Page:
Today, Intel is releasing a strategic vision paper outlining our recommendations for policies needed to further the development of the Global Digital Infrastructure (GDI). Intel is committed to advocating for policies that further the development of the GDI. We look forward to hearing your comments on our vision paper and these important issues.
In 2010, 6 million young scientists competed to show how they intend to invent the future. Intel’s International Science and Engineering Fair (ISEF), the world’s largest pre-college science competition, brought over 1600 finalists from 59 countries and regions to San Jose, California, to compete for over 4 million US dollars in prizes and scholarships. The ISEF event helps demonstrate the global nature of technology innovation, and the tremendous value that can be gained by allowing the world’s brightest young minds to work together. Many of the participants’ projects were focused on Internet technology, at least in part because the Internet has become synonymous with innovation and global connectivity. Intel believes it is critical to foster continued Internet technology innovation, such as embodied by the ISEF, to continue to enable the world to make dramatic advancements rooted in the global connectivity provided by the network.
However, with all of the focus on the global nature of the Internet, an important development has been largely overlooked. The Internet is not only global, but predominantly operates via interoperable hardware and software products which are not varied significantly amongst individual countries and are deployed worldwide. These foundational information and communications technology (ICT) products make up a global digital infrastructure (GDI) that is the central nervous system of not only innovation, but economic development and social interaction. As reliance by individuals and businesses on the GDI increases, there is a corresponding increase in the value users place upon the security of the network and the protection of data traversing the network, including personal data that relates to identifiable individuals. Yet this need for trust in the security and privacy provided by the GDI is increasingly challenged by the rapid increase of malicious threats to the network and data. It is critical that the GDI continue to promote innovation of security and privacy measures at a pace equal to the development of these threats.
To help provide for the innovation of new security and privacy technologies needed to ensure that the GDI continues to thrive, another type of innovation is necessary: policy innovation and the development of a global digital infrastructure policy (GDI-Policy). A unified GDI-Policy informed by cross-border policy cooperation provides an opportunity to help nurture the GDI. This paper lays out the components that have driven the success of the GDI, describes the necessary mechanism of a GDI-Policy; and provides concrete recommendations to help achieve the GDI-Policy.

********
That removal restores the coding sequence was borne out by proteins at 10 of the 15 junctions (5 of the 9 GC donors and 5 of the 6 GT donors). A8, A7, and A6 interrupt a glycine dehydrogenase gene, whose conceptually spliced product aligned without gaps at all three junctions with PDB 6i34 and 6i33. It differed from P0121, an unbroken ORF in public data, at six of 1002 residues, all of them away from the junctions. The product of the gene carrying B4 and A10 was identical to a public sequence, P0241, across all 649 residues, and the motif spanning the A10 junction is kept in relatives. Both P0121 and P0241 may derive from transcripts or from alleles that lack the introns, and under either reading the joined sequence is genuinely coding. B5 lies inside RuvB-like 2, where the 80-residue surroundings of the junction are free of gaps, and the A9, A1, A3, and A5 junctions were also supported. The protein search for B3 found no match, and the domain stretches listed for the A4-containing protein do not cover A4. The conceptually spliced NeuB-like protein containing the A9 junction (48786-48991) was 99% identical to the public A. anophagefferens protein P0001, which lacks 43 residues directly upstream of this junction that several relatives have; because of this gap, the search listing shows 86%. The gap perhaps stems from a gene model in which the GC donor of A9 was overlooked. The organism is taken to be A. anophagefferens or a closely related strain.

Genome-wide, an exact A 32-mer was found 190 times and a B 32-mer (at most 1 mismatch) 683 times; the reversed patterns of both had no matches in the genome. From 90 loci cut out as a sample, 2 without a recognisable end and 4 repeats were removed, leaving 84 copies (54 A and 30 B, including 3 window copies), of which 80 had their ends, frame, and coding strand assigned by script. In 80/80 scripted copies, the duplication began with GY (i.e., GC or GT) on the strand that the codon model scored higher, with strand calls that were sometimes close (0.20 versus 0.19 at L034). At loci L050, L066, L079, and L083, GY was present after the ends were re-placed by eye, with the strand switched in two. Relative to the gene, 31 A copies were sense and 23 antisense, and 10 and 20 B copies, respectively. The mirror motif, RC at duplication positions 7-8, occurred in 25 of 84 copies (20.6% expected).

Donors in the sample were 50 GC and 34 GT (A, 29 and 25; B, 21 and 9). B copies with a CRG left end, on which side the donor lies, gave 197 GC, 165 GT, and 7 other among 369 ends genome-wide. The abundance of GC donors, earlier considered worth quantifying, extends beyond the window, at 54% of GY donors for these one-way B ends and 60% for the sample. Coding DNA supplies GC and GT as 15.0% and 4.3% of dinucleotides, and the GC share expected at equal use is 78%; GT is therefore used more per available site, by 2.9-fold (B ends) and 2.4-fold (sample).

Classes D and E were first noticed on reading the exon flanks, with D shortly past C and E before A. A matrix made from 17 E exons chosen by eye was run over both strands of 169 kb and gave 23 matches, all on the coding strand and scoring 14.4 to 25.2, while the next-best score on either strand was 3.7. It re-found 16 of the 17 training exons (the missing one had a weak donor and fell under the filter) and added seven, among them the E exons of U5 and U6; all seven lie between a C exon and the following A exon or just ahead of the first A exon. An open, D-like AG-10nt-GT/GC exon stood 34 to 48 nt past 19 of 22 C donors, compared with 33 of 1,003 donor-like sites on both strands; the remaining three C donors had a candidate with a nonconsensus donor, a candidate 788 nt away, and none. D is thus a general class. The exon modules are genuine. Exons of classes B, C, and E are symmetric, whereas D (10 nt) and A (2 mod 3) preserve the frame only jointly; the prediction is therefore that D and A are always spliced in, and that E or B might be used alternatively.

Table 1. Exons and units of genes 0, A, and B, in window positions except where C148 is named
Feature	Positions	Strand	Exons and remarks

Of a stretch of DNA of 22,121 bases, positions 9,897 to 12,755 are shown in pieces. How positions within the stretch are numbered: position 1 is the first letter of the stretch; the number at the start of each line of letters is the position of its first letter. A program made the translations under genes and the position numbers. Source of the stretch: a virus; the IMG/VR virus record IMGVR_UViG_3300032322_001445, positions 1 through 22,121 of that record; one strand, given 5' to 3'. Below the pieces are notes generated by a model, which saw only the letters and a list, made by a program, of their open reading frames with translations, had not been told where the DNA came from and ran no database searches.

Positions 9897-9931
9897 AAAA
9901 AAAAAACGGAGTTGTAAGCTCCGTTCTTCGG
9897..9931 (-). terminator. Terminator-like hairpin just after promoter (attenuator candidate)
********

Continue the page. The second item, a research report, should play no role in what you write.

A successful GDI-Policy should build off of the following common components that have helped make the GDI ubiquitous and flourishing:
· interoperability, and
· enabled economic growth
The three components noted above point to the policy environment that is necessary for the GDI to continue to evolve and prosper. Our recommendation is that this policy environment should include the following mechanisms:
· A “Triangle of Trust” model,
· Flexible technology neutral laws and regulations,
· International cooperation and global standards, and
· Accountability systems.
We realize Intel cannot achieve this vision of a GDI-Policy alone. So we invite policymakers to join a constructive dialogue around the following specific recommendations which we believe will help make this policy vision a reality:
· Putting an end to import, export and use restrictions on cryptography for COTS and public research.
· Holding international discussions involving all stakeholders in the Triangle of Trust on the topic of decreasing cyber attacks, with the goal of reaching agreement on mechanisms for limiting the proliferation of such attacks.
· Increasing understanding and implementation of accountability practices amongst public and private sector organizations to an accepted global framework or standard, increased international government funding of NGOs as certifying agencies, and the development of robust, harmonized, coordinated and predictable enforcement mechanisms against noncompliant entities.
· Deepening government/private sector partnerships and international collaboration on cybersecurity research.
· Promoting the widespread adoption of a unified certification process and global standards for product assurance and product security to ensure a secure platform for the GDI. More specifically, we recommend improving the reliability and cost effectiveness of the Common Criteria evaluation and certification scheme by adopting a tiered approach to certifications (allowing companies to attest to compliance with an accepted global standard for certain levels of products, and for third parties to verify company attestations), expanding Common Criteria to development processes, and broadening the international mutual recognition of Common Criteria.
Download the full text of Vision Paper:
Again, we look forward to hearing your comments on our vision and these important issues.
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